* A B C*). Likewise, the omission of eu suteu after c.a is supported by several
witnesses of the first order (|
* A B C*). The shorter reading is to be preferred in both cases. The additions likely
represent a scribes attempt of making the text more lucid.

Cf. BDAG s.v. ,a 2.

The dative reflexive noun . au. is a dative of disadvantage (ExSyn, 143).

See BDAG 567; cf. L-N 56.20, 22, 24, 30.

EDNT 2:317.

Corinthians incurred judgment from the Lord? The participial phrase by not discerning the
body ( etast|.| e c.a) provides the answer.

There are three traditions of interpretation for the participial phrase by not discerning the
body. (1) Some hold that what is in view is distinguishing the sacredness of the elements of the
Supper from ordinary bread and wine (Ciampa-Rosner, Weiss, Godet). In other words: the
Corinthians were punished because they had failed to recognize the unique presence of Christ
with the bread and wine of the Eucharist. (2) Others hold that Pauls concern was the Corinthians
disrespect for the congregation of believers (Collins, Fee, Hays, Witherington).
(3) Still others
hold that the Corinthians had failed to reflect on the uniqueness of Christ and thus the theological
weight of his self-giving death (Fitzmyer, Garland, Thiselton). Interpretive options (2) and (3)
merit the most attention.

There are three strengths for view (2). First, the parallel use of the body as referring to
the Body of Christ within the context of the Supper in 10.1617. But this parallel may be too far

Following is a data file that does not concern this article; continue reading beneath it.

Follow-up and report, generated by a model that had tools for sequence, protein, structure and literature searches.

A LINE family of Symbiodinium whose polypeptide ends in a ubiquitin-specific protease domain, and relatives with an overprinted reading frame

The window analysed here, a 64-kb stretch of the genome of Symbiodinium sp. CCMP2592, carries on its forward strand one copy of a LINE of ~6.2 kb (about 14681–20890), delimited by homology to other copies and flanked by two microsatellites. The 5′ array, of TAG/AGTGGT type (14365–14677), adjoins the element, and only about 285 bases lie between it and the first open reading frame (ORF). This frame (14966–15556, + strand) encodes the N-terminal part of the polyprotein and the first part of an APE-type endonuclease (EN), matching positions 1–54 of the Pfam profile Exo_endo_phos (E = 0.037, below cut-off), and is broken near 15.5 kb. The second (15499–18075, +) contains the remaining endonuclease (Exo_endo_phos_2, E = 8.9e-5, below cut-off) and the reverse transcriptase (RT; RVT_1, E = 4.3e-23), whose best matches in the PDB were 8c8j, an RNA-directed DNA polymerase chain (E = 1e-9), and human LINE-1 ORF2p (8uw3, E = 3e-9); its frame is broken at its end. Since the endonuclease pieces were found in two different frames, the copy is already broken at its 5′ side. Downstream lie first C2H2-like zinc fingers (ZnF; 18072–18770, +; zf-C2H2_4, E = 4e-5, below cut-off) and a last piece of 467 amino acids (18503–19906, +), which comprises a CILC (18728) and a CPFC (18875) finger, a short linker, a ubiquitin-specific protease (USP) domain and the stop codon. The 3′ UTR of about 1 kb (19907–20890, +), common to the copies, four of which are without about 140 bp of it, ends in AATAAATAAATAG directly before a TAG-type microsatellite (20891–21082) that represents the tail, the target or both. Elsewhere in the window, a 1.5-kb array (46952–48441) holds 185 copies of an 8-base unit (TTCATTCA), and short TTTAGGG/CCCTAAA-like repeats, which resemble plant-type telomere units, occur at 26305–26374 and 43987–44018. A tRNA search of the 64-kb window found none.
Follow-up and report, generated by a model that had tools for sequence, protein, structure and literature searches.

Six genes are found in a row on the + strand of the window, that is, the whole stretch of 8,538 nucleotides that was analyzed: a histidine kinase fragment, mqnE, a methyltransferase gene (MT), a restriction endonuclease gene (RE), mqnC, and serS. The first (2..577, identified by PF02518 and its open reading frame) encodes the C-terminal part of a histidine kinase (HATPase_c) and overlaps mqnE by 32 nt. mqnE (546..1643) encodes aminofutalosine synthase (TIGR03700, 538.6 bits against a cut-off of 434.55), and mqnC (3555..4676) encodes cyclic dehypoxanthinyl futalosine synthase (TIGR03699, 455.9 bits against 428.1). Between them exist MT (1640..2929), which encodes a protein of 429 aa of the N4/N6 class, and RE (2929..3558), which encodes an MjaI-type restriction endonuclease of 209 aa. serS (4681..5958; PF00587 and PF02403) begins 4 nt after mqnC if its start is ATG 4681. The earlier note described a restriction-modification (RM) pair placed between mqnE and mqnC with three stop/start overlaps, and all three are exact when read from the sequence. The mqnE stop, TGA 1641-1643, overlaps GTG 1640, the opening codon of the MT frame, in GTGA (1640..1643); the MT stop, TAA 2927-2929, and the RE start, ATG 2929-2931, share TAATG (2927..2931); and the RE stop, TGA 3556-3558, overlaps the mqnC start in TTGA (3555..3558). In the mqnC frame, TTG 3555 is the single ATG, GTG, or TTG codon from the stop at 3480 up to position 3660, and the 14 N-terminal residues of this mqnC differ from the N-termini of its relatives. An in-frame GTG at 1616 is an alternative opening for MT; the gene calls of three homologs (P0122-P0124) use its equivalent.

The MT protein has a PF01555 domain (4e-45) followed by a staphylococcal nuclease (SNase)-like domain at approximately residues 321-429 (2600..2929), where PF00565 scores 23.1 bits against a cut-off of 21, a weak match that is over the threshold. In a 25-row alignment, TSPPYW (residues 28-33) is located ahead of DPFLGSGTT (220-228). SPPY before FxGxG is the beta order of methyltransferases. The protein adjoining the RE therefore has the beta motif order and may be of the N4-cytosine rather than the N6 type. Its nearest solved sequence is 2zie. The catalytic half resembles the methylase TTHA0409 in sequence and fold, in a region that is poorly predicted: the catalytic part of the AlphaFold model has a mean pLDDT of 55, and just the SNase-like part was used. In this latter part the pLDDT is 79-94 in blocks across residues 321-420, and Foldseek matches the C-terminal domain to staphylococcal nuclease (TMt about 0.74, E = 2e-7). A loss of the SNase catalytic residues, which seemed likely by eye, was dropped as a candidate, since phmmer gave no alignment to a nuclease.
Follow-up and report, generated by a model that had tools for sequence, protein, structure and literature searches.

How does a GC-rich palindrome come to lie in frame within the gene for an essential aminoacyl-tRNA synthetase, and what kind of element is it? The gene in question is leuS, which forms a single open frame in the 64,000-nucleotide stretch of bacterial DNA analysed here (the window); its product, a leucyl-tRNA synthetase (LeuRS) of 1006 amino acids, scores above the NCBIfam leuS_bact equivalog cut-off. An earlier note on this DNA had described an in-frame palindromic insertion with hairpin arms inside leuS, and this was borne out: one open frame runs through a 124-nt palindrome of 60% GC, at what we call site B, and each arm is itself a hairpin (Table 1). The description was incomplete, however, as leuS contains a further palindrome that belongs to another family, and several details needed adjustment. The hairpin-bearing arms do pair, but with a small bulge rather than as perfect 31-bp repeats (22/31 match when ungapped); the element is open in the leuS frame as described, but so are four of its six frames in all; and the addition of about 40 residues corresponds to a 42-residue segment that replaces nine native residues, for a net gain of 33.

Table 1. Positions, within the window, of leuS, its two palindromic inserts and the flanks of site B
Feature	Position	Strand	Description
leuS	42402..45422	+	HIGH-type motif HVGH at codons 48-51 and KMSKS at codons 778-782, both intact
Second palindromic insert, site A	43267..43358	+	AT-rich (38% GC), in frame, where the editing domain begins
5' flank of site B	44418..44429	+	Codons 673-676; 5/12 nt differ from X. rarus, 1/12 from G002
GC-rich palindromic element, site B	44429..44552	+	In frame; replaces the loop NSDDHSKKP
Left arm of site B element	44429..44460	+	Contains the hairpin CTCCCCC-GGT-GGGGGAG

away for its influence to be felt in 11.29. Second, Paul has repeated the actions (eating and
drinking), elements (bread and cup), and symbols (body and blood) in pairs throughout vv. 17
34; it would seem odd that he uses the term body absolutely in the present verse if he did not
intend the Body of Christ. But it is likely that the term stands for both the body and the blood;
thus the second strength is unpersuasive for or against any view. Third, this view sees Paul

The adverbial participle etast|.| is usually thought to be a participle of condition (Robertson, 1129;
MHT 1:230; ExSyn, 633). However, the sense of the passage has been until this point a concern with how the meal is
sharedthe words in an improper manner (a|at.,) and in this way (eu.,) clearly point in this direction.
Thus, manner or means is the appropriate classification for the participle. It therefore answers the question: How
did the Corinthian congregation bring upon itself judgment from the Lord?

Even theological dictionaries take stances on this issue: When they transgress against their brothers and
sisters they also transgress against him who was sacrificed body and blood for them (EDNT 3:323; cf. 2:317). So,
this resource sides with the second view.

To read an apt summary and critique of the first view see Fee, 563.

directly addressing the Corinthians misconduct toward each other mentioned in vv. 2022. Yet
Paul, as we saw in v. 27, often appealed to Christ to correct the Corinthians misconduct; as
Thiselton puts it: The social is founded in the salvific (893). In other words: Paul often goes
for what is beneath the Corinthians behavior. We see Paul still developing his appeal to Christ
in v. 29 and he will not address their misconduct directly until vv. 3334.
The inherent weaknesses which come with the strengths of view (2) have led us to favor
view (3). As we have already seen, the immediate context for vv. 2732 is the preceding